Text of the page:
A Mother's Acceptance Helped a Gay Professor to Accept Himself

‘Inaayat’, a documentary about professor Himadri Roy, recently played at the Queer Asia Film Festival in London.
Inaayat explores Himadri Roy's life and his relationship with his mother. Image: Himadri Roy 

One winter vacation when eight-year-old Himadri Roy visited home from his boarding school in Darjeeling, his mother suspected something was wrong. “Are you happy?” she enquired.

Yes, he lied.

The next year, when he returned to Siliguri, West Bengal, she questioned him again. This time it was more pointed. “Have you been sexually assaulted?”

“It felt like a bomb,” recalled Roy, who is now 45 and a professor at the School of Gender and Development Studies at IGNOU. He has also written a coming-of-age novel, Travails of Entrapment.


“I told my mother everything,” Roy said—how he had been molested by senior students at school. “Then she asked me: ‘Why didn’t you complain?’ I was stunned by that.”

The relationship between mother and son is the premise of Naveen Tokas’ 2017 documentary, Inaayat, which was screened at the Queer Asia Film Festival 2018 in London, on June 24. It has also been screened in India thrice since last year, at the Delhi International Queer Theater Film Festival, the Allahabad Queer Event, and Queer-e-Mehfil, New Delhi.

We asked Roy about coming out, why he thinks his 63-year-old mother Minati Roy accepted him, and how he thinks the documentary affects his life.

VICE: How did this documentary come about?
Himadri Roy: The director Naveen Tokas had seen my YouTube coming out video. There was a web series called “Come Out Loud”. Tokas saw that and got in touch. While I was narrating the story of my childhood and my mother, he said let’s focus on that.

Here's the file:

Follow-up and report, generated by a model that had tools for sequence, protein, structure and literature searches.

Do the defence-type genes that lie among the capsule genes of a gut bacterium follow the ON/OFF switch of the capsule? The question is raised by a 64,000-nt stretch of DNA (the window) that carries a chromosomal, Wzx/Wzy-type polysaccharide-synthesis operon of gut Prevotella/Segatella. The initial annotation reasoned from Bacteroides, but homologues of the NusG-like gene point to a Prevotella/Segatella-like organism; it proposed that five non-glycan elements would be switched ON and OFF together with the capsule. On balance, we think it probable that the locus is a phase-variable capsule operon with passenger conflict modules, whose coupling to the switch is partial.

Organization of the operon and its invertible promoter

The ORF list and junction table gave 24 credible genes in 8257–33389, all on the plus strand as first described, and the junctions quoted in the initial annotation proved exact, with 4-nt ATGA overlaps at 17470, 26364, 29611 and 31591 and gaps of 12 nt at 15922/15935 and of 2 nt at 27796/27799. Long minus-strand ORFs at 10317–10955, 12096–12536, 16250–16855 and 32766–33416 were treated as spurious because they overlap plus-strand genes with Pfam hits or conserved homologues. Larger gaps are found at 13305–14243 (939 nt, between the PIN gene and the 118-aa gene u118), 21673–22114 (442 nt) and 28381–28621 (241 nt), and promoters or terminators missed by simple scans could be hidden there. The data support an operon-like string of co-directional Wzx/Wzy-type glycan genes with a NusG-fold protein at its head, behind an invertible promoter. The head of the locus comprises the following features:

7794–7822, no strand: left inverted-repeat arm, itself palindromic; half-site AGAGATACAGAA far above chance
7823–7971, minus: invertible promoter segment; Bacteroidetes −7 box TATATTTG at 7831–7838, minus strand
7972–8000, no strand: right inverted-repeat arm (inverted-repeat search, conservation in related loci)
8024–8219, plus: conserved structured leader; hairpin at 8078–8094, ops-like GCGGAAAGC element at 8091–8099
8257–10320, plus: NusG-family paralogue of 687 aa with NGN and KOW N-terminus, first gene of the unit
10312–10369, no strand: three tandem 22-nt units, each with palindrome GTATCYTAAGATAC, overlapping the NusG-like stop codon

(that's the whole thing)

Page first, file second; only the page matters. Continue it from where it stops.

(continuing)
Inaayat emphasises the importance of family acceptance in queer people’s lives. Image: Himadri Roy

What is that story?
I grew up in a conservative, joint family. But there was one thing: everyone could marry anyone they wanted. For example, my aunt married a Muslim guy. So it was accepted in the family.

I was in a boarding school when some seniors sexually abused me. When I told her everything, she asked me why didn’t I complain. And asked me to think about it. Seniors used to call me to their rooms. I started enjoying it. There was no love or emotion. It was a part of my duty to obey—that’s what has been told to us.


My mother told me, “I think you are different.” She said this will remain between you and I. And then, she hugged me. This was during 1980s when there was zero conversation around these topics.

What do you think made your mother so accepting of your sexuality?
You know, I have had long conversations with my mother about this. She was a housewife, the elder daughter-in-law of the household, and she had to follow all the customs, traditions. When my family found out a letter from my then boyfriend, they freaked out and there was drama at home. No one spoke to me for a few days. Everyone was upset. My mother came to me and said that she would support me, but I will have to fight my own battles.

She always tells me, “A mother’s happiness is when her children are happy.”

What does the documentary achieve?
The film emphasises on acceptance as a game changer in queer people’s lives.

What kind of impact has the documentary had on your life and your mother’s life?
I have been receiving some emails from people. They mostly tell me that I am lucky to have such a mother. Or they write me that I was brave to fight from an early age. The idea is to tell others that families’ support is very important. Whenever my mother goes to any pride parades, she always asks the youth, “Have you come out to your parents?” She tells them, don’t drop the bomb. Just take them out to a movie that has a queer character. Initiate the conversation.

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